Get notifications about new releases of your dependencies

It's difficult to check if you need to update your dependencies. There are services that can help. This is a review of Gemnasium, VersionEye and, which I've tested for several weeks.

Good dependency management

Last week I wrote about good dependency managed. One of the most important things is to update regularly. This makes it easy and fast.

But if you want to update regularly, you ask yourself which packages need to be updated. Finding out can be slow and boring, but luckily some services can do the work for you.

Manually finding outdated packages

First, there is a manual way to find outdated packages. In the command line, you can run either composer outdated, npm outdated or yarn outdated.

The problem is that these commands also list out-of-date sub-dependencies. In my case, this is really distracting me from the stuff that really matters.

Example of output of the command
Example of output of the command "composer outdated"

Consider the output shown in the screenshot above. Most of these outdated packages are sub-dependencies from Laravel Framework or other dependencies that I rely on. The only dependencies that I need to update are:

  • laravel/framework
  • symfony/css-selector
  • symfony/dom-crawler.

Using services

There are some services that keep track of your dependencies and give you a notification when new releases are found. I've tested 3 of these services myself: VersionEye, and Gemnasium.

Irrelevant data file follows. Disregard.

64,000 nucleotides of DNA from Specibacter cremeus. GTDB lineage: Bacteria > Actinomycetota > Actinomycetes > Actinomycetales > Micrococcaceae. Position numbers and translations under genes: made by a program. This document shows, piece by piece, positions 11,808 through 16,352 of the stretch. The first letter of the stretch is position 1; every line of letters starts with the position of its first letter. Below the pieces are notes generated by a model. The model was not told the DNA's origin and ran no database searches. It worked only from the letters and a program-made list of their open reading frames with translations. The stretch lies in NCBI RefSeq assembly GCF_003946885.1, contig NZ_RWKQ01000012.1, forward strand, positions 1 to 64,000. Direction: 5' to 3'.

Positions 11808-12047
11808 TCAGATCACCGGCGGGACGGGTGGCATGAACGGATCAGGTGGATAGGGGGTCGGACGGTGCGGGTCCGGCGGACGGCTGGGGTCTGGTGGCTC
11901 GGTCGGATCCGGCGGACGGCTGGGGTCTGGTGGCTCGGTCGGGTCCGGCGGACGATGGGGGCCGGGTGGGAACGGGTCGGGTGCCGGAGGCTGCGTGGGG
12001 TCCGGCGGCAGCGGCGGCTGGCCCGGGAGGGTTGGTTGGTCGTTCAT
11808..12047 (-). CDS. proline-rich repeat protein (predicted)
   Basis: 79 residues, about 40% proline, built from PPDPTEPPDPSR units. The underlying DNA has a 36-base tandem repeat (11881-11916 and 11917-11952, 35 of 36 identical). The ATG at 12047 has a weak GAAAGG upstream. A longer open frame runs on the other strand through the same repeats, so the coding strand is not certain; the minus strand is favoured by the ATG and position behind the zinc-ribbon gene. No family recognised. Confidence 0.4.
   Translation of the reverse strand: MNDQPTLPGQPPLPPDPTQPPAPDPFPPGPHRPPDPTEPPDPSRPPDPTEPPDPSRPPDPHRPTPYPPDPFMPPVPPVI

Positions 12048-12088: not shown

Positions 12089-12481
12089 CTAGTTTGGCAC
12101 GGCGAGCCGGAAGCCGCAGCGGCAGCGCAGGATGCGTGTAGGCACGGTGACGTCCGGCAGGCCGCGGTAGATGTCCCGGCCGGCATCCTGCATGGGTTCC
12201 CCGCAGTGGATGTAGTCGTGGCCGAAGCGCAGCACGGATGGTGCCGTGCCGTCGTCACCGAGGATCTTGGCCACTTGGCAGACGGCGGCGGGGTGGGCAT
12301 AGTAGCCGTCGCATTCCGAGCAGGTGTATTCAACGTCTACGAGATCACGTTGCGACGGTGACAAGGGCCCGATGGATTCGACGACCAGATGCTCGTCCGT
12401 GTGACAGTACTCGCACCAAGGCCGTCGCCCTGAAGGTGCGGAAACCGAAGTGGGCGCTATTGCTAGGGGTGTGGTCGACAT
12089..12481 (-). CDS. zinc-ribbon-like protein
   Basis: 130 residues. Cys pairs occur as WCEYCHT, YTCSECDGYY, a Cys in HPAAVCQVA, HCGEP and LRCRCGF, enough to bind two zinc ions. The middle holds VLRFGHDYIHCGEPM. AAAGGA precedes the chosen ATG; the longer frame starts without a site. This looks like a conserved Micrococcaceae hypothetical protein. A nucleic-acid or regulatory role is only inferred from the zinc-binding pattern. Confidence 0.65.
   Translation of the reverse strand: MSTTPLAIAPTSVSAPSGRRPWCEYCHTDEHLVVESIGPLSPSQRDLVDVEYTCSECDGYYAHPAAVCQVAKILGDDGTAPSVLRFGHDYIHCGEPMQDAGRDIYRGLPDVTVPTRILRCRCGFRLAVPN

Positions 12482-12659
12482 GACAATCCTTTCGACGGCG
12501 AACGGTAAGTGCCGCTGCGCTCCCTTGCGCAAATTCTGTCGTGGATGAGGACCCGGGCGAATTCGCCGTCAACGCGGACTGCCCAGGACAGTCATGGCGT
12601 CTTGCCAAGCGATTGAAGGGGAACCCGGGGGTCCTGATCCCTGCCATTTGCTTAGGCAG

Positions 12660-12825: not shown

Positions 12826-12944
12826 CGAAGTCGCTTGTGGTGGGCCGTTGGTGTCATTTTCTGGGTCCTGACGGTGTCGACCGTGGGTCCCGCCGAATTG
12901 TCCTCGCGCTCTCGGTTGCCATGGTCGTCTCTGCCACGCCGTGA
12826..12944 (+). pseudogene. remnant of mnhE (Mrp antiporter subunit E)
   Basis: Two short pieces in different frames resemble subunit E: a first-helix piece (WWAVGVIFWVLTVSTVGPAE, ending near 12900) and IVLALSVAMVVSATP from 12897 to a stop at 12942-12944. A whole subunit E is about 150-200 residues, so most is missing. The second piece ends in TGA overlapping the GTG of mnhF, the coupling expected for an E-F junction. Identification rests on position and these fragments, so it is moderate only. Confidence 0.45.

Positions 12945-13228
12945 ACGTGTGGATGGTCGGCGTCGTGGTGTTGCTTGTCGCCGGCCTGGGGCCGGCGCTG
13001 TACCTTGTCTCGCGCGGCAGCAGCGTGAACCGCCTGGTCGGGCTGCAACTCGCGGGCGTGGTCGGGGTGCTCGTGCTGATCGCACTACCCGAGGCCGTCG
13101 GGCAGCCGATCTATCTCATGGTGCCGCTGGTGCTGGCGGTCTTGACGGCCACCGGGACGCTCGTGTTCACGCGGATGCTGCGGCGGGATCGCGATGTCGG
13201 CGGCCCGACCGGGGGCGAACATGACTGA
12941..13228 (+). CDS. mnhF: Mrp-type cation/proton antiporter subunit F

All 3 services:

  • Are easy to configure.
  • Track Composer, NPM and Bower dependencies (and more).
  • Have a free subscription (mostly for 1 public repository) and a paid subscription for (different numbers of) private repositories.

Here is a little overview of my experiences.


  • Cluttered overview: sub-dependencies and dependencies in one overview.
  • Out-of-date data: still shows Bower dependencies which I have migrated to npm.
  • No settings to configure the amount or timing of notifications.


  • Supports 22 different package managers.



  • Warns about dependencies without licenses on pull requests.
  • Cluttered overview: sub-dependencies and dependencies in one overview.
  • Some new releases are not parsed correctly. For example, the newest release of PrismJS would be 9000.0.1 while it is at 1.5.1.


  • Integration with Github pull requests.
  • Ability to "follow" individual repositories without tracking a full repository. This might be an alternative for a paid plan but is not really fail safe.
  • Checks on known security issues for your dependencies. Haven't seen this work so I cannot say any more about it.



  • No pull request integration.


  • Best notifications system (weekly summary containing the right amount of information).
  • Best web interface. It's easy to scan and allows you to view a changelog for each out-of-date dependency.
  • Setting for scanning dependencies recursively or not. This way you can choose to only see your own dependencies and not sub-dependencies.
  • Auto-update feature. It's still in beta and I haven't tested it. But apparently, it can try to automatically update dependencies, run your tests and the create a pull request for the changes. Sounds great!


For me, Gemnasium definitely works best! It's clean, it's easy and the data about new releases was always correct.

Of course you should also have a look for yourself. Try it out on your own repository or have a look at mine, which is publicly available at the following links:

What do you think of these services? Have you used any before and what did you think of it? Share your opinion in the comments below!

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